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Insights in the Economics of Aging$
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David A. Wise

Print publication date: 2017

Print ISBN-13: 9780226426679

Published to Chicago Scholarship Online: September 2017

DOI: 10.7208/chicago/9780226426709.001.0001

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PRINTED FROM CHICAGO SCHOLARSHIP ONLINE (www.chicago.universitypressscholarship.com). (c) Copyright University of Chicago Press, 2021. All Rights Reserved. An individual user may print out a PDF of a single chapter of a monograph in CHSO for personal use.date: 20 September 2021

Are Black-White Mortality Rates Converging?

Are Black-White Mortality Rates Converging?

Acute Myocardial Infarction in the United States, 1993–2010

Chapter:
(p.205) 6 Are Black-White Mortality Rates Converging?
Source:
Insights in the Economics of Aging
Author(s):

Amitabh Chandra

Tyler Hoppenfeld

Jonathan Skinner

David R. Weir

Publisher:
University of Chicago Press
DOI:10.7208/chicago/9780226426709.003.0007

Racial and socioeconomic disparities are pervasive in U.S. health care. Recent research on trends in disparities has often shown a reduction in the magnitude of disparities in treatments. In this paper, we consider trends in racial disparities with a focus on health outcomes for acute myocardial infarction (AMI) in the elderly population. We find an overall decline in mortality between 1999 and 2010, but it was not associated with a reduction either in mortality differentials within hospitals, nor did we observe a significant reduction in mortality disparities associated with black AMI patients being admitted to hospitals with disproportionately high risk-adjusted mortality rates for whites. While there was some hint of a reduction in racial disparities between the middle (1999–2005) and late (2006–10) period, the improvement is very modest, and additional years of data would be necessary to discern whether there was a real long-term improvement.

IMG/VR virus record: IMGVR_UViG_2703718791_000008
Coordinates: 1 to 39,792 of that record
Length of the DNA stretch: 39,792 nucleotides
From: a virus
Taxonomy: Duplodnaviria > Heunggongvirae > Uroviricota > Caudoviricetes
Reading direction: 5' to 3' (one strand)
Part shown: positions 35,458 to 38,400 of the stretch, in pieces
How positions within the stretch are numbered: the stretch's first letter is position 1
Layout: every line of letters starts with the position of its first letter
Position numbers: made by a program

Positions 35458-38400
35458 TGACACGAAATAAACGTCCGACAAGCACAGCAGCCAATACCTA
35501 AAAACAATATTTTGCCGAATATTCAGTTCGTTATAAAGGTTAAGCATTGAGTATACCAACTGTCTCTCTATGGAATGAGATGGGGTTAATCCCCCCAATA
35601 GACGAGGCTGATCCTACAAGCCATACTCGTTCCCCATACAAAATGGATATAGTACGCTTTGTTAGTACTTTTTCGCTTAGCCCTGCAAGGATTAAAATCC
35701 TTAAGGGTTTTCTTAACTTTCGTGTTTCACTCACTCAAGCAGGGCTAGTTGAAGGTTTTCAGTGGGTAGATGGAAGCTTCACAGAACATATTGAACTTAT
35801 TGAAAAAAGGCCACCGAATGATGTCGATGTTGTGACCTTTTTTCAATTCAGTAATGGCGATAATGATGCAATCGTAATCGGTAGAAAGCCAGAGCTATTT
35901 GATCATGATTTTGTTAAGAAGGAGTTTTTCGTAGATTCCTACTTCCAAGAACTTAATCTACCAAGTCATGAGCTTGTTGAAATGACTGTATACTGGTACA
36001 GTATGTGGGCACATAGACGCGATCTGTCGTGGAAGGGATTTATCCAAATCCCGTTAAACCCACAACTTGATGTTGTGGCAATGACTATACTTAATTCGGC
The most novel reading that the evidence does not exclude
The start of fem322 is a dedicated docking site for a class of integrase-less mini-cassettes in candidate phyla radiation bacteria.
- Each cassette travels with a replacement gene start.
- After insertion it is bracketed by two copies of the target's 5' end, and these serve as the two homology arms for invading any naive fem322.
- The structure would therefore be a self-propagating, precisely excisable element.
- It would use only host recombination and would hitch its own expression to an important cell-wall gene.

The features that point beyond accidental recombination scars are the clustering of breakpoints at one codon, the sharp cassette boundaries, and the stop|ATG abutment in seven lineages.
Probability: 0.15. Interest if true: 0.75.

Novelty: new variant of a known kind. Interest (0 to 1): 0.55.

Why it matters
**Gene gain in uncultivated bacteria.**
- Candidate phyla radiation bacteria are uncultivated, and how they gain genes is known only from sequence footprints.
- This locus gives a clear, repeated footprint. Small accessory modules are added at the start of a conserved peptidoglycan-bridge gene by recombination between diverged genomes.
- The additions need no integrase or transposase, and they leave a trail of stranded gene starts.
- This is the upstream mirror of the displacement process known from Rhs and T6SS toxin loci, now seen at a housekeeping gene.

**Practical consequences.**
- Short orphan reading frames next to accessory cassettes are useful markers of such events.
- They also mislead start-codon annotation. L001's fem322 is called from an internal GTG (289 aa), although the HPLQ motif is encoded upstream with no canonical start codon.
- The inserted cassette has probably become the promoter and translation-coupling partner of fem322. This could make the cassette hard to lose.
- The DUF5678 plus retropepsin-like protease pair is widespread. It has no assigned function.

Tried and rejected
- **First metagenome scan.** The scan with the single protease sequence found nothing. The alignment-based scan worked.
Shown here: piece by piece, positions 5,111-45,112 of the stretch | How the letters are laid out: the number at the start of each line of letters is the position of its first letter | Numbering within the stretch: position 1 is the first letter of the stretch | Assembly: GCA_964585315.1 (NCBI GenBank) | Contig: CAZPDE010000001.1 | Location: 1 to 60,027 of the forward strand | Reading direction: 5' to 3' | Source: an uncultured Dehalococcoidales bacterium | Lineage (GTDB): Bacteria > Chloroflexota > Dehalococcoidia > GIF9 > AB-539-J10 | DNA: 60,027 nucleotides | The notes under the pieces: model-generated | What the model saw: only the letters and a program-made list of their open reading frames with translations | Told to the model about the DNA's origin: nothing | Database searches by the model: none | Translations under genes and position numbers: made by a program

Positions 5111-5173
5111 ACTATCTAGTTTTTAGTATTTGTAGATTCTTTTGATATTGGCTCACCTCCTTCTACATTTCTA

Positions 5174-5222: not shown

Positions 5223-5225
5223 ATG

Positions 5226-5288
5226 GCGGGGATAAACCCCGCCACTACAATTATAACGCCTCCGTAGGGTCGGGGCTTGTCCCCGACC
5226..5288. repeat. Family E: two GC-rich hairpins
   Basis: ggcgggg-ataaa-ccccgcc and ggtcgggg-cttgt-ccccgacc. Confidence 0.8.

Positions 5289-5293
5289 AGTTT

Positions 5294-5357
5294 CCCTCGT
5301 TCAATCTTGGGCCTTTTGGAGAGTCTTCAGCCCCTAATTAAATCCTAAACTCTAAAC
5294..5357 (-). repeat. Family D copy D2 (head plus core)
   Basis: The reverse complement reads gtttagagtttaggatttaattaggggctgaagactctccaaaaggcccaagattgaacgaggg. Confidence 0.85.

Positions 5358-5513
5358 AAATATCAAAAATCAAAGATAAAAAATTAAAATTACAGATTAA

Keywords:   racial disparities, health outcomes, acute myocardial infarction, mortality trends, Medicare

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